Top-Down Promoted “Affordability” Definitions Run Aground in P.E.I.

A red house in a green yard that appears to be perfectly upside down
At the Island of Rugen in Germany photo by Goya60 is licensed under CC BY-NC-ND 2.0
Social housing? Must be, if that's what politicians say it is!

When it comes to housing, what to make of the term “affordable” these days? Aided and abetted by the housing industry in search of funding, as well as national and regional governments that want voter support,1 the term “affordable” has reverted to its original captivity in the eye of the beholder.

Is this housing — any housing — affordable? Of course it is. Every house is “affordable” in the eye at least of someone with a suitable pocketbook.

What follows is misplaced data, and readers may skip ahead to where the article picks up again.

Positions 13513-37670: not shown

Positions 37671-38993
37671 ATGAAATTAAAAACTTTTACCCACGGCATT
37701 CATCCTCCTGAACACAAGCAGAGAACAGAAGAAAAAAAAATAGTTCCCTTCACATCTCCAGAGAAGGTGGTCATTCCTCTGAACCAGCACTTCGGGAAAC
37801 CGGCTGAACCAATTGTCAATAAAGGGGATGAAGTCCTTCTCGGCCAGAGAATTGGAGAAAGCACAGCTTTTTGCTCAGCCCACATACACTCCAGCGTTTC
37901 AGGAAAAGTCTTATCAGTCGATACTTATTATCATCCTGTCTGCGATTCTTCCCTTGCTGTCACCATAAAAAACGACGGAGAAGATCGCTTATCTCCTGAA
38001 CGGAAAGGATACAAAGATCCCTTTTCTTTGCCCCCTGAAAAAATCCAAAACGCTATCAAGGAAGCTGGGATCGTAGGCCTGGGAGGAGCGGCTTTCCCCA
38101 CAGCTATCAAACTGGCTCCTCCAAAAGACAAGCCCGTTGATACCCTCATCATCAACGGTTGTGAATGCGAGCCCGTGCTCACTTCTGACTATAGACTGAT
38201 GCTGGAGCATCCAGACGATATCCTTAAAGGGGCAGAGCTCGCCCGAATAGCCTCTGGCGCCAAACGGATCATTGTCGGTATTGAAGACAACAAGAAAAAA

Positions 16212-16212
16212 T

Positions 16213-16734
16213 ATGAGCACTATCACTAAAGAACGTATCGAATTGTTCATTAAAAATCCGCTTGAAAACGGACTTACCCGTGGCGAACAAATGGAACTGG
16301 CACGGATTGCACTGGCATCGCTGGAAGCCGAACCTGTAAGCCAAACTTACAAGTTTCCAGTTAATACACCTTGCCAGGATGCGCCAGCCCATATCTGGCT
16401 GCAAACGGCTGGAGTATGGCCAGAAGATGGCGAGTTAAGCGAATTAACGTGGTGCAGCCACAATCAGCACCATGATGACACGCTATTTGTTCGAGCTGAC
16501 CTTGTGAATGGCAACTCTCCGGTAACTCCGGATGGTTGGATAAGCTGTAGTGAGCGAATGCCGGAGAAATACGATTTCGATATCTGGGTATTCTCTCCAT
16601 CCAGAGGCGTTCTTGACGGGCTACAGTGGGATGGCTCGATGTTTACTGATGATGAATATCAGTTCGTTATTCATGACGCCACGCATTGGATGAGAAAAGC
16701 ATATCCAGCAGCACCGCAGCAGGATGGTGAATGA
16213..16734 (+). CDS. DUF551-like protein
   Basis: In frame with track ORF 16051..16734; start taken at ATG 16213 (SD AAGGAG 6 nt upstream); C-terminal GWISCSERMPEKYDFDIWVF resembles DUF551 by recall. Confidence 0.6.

It seems that other useful terms for discussing housing affordability crises are also being redefined into mushy nonsense, if events in North America’s tiniest federal “state,” Prince Edward Island, are to be considered.

What is “social housing” and for that matter the term’s almost-always synonyms, “public housing” and “council housing?” All of these terms seem to be coming apart at the seams, their disintegration actively abetted by federal government with a political agenda.

An opinion piece in the local media aims to set the record straight. Read in The Guardian: Opposition housing outrage is perplexing


  1. Since the middle classes turn out to vote in bigger numbers than the lower classes, it’s unsurprising that political parties are keen to reward the middle class with a vote friendly version of “affordable” housing

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